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Donor gives $5 million
$250,000 for fellowship
Gifts of $1 million or more
Student-athletes post high GPAs
No time to waste
Report on college costs
Black History Month
Administrative Fellows program
Ready to roll
Leaves of Absence
|Penn State news bureau|
Charles Fiamella (left), Larry Lutz (middle), and Jacy Turner,
students in the Department of Chemical Engineering, measure the amount of
heat transferred in different materials in Fenske Laboratory. These students
and many more in the future will benefit from a $5 million anonymous gift,
which will fund a faculty chair, undergraduate scholarships and graduate
Photo: Greg Grieco
The College of Engineering has received $5 million from a donor who wishes to remain anonymous. The gift will endow the Department of Chemical Engineering and significantly strengthen its interdisciplinary activities in the life sciences, particularly in the bioprocessing and biomedical areas.
Income from the endowment will fund a faculty chair for a senior professor to provide leadership in the new areas, for undergraduate scholarships and for fellowships for graduate students pursuing biological and biomedical research. The endowment will also support an annual lecture series featuring renowned experts in the chemical engineering/life sciences interface, and laboratories and equipment for new research and instructional activities.
"The discipline of chemical engineering is in transition today," said Larry Duda, head of chemical engineering. "Recently, tremendous strides have been made in understanding biological systems, and chemical engineers will play a dominant role in transferring these new biological discoveries to industry during the next century -- just as they did with the petroleum industry in the past. We're elated that the resources from this endowment will move our department into this area much more quickly than we had anticipated."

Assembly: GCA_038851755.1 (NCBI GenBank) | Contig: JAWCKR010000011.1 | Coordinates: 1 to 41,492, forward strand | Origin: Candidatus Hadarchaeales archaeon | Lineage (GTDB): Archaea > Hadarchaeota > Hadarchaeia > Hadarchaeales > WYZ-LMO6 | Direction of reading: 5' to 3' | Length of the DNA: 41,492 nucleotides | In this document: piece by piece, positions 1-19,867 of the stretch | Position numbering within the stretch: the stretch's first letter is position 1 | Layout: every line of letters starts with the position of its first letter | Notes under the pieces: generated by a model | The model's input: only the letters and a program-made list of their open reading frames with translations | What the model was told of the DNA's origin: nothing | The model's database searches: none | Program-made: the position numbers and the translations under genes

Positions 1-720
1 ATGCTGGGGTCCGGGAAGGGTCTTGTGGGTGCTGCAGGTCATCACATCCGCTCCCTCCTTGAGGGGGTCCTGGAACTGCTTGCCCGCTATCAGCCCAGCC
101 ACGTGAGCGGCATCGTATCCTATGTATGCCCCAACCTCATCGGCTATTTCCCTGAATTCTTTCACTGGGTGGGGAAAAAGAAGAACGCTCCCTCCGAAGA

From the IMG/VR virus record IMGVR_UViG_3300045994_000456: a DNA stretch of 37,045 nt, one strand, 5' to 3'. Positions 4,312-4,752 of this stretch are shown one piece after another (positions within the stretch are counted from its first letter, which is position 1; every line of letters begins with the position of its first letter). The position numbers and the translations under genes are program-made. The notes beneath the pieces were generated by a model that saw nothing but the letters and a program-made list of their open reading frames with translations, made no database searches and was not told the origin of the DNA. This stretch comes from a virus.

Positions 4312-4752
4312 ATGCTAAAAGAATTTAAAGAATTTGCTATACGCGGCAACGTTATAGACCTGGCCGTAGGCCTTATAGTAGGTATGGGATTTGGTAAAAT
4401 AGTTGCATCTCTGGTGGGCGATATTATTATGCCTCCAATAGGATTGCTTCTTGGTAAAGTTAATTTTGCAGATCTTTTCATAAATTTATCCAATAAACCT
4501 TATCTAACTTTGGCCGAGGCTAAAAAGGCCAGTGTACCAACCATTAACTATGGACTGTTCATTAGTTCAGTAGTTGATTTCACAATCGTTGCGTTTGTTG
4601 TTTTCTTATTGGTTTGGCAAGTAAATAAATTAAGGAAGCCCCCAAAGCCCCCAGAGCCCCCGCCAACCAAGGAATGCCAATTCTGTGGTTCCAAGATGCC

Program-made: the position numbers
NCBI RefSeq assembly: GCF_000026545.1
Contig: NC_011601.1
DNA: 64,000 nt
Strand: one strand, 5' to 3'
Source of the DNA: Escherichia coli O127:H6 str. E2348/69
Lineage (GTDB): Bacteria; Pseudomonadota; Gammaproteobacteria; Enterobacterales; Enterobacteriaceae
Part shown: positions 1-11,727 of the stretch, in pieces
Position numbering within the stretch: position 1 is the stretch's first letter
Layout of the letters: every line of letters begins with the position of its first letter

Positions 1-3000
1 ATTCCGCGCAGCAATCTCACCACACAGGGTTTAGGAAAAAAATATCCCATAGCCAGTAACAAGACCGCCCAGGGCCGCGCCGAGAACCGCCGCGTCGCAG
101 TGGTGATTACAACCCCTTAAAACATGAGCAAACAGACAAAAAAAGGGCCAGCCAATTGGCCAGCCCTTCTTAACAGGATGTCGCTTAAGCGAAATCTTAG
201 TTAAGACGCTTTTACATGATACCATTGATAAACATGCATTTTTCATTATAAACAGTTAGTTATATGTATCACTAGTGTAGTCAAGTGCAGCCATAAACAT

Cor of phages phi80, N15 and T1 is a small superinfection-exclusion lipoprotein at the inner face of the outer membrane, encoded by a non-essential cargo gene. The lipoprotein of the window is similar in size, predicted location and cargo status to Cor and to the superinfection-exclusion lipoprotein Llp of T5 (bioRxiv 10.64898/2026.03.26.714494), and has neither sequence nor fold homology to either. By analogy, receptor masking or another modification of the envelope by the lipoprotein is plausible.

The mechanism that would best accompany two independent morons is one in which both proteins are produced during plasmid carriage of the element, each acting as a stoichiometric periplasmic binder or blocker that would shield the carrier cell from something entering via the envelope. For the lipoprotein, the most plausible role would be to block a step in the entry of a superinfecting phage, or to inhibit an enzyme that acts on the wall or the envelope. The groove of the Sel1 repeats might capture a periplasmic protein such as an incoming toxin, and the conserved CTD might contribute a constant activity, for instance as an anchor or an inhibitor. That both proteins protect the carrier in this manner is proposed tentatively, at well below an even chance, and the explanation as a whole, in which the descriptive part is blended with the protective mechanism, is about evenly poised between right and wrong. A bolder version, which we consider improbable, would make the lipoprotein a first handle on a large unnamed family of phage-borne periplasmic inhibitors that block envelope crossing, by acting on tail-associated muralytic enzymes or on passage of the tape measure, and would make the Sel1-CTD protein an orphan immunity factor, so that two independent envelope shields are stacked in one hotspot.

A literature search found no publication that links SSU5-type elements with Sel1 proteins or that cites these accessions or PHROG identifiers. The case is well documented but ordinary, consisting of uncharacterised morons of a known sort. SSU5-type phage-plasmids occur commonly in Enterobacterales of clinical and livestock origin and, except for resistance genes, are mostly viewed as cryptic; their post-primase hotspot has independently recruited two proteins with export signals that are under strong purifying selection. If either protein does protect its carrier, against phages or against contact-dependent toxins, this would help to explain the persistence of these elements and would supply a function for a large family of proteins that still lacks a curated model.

The gift will support the trend of science's greatest advances occurring at the borders between different disciplines, noted President Graham Spanier.
"As Penn State prepares for its forthcoming capital campaign, notable gifts such as this will inspire others to help us achieve our goal of significantly increasing the University's endowment, and we are extremely grateful for such generous support," Spanier said.
Engineering Dean David N. Wormley said the high quality of chemical engineering's faculty and programs was instrumental in the donor's decision to make the gift.
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Former Penn State President Joab Thomas and his wife, Marly, have committed $250,000 to endow a new graduate fellowship for the University. When activated, the fellowship will annually provide financial assistance to an outstanding graduate student pursuing teaching and research in any one of Penn State's nearly 150 fields of master's and doctoral studies.